It feels fairly robust and comes with a few shiny touches, but the Outlander PHEV’s interior is bland at best.
The Outlander PHEV’s cabin isn’t exactly exciting to look at but its controls are logically laid out and easy to use. The grey plastic on the dashboard and doors looks pretty uninspiring but most materials feel fairly soft and squidgy.
A few glossy black trims on the centre console and above the glovebox do their bit to make the cabin feel a little more upmarket but overall build quality lags behind what you’ll find in a Toyota RAV4.
Inside, the biggest difference between this plug-in hybrid model and the standard Outlander is the large silver joystick that replaces a conventional gear lever. The rev counter has been dropped in favour of a battery charge readout, too.
Entry-level models come with a 6.0-inch touch-screen infotainment system and a DAB digital radio as standard. Juro models and above come with a wider range of high-tech goodies, including Apple CarPlay and Android Auto smartphone mirroring systems and a larger 7.0-inch screen. You’ll have to pick a mid-range 4h model or higher if you want leather seats and satellite-navigation, however.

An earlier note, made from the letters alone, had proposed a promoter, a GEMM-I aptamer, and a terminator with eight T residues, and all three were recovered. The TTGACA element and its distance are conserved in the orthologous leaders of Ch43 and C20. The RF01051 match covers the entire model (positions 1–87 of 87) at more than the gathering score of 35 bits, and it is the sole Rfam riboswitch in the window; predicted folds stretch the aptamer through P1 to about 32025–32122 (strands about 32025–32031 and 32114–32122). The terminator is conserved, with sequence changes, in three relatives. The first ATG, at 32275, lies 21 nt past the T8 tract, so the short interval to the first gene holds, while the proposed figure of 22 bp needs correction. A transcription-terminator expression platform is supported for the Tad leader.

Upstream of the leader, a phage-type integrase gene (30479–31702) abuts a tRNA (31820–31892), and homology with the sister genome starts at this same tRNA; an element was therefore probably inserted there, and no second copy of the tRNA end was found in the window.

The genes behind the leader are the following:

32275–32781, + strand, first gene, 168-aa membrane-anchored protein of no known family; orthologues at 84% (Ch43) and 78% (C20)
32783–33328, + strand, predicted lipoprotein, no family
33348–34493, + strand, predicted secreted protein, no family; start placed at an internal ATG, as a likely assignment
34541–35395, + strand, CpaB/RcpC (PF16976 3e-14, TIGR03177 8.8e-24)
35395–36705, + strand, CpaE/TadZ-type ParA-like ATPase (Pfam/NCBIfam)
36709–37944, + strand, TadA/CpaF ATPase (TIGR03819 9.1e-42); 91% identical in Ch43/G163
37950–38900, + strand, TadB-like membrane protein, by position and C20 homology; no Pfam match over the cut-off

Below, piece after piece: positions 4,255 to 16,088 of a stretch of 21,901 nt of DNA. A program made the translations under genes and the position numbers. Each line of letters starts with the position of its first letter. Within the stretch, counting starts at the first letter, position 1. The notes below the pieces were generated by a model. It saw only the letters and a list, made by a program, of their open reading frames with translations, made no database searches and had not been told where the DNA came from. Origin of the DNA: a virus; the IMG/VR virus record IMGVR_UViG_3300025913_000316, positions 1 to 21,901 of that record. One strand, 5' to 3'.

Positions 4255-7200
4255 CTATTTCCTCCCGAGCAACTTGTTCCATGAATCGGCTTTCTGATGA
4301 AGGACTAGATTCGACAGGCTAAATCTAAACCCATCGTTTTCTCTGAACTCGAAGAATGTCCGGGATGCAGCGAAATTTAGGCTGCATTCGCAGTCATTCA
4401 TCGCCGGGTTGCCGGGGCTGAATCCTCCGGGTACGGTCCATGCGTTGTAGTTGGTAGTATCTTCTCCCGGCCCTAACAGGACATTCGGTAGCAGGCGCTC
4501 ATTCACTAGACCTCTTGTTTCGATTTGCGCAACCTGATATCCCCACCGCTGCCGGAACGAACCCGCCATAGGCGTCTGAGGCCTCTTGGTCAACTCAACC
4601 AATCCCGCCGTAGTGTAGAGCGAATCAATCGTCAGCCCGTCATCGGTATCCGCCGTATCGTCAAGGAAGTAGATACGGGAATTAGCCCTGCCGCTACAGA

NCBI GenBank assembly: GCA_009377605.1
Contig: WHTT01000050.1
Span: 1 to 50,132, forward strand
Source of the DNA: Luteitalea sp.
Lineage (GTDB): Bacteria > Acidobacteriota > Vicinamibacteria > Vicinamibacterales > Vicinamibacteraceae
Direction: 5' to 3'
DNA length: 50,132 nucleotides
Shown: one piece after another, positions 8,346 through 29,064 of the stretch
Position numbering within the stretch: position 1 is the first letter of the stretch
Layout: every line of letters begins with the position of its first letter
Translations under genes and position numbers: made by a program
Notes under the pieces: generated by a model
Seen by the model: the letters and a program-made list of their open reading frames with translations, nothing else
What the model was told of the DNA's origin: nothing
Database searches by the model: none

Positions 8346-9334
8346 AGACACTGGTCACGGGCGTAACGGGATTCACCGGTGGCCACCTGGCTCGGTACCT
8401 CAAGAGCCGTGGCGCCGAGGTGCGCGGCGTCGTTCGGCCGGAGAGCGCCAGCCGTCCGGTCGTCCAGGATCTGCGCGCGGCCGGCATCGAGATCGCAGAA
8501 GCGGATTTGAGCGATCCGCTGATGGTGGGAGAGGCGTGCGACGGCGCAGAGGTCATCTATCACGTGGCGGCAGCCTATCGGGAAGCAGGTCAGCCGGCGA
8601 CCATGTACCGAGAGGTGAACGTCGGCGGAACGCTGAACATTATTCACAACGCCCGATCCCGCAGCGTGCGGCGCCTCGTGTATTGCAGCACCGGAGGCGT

The only thing less exciting than the PHEV’s cabin is having its hybrid system explained to you in great detail…
Entry-level models come with a rather small 6.0-inch touchscreen infotainment system as standard. It comes with Bluetooth connectivity and DAB digital radio but it isn’t the easiest system on the market to use and its square shape looks a little out of place among the numerous soft curves in the PHEV’s cabin.
The upgraded 7.0-inch system fitted to all but 3h cars looks equally last-year but its bigger screen makes it a little easier to use. Both units come with simple, logical menus and selection of physical buttons for the stereo and CD player. Neither feature shortcut buttons for the infotainment system itself, however, so are slightly tricky to use while you’re driving.
Mitsubishi’s fiddly satellite navigation system is reserved for 4h models and above but the cheaper Juro versions come with Apple CarPlay and Android Auto smartphone mirroring as standard. As a result you can easily use your phone’s navigation apps instead of paying extra for Mitsubishi’s own inferior system.
The PHEV’s six-speaker stereo system sounds fine but Mitsubishi offers an upgraded Alpine system in high-spec 5h and 5hs models. It’s definitely an improvement over the standard stereo but it’s still nothing to write home about.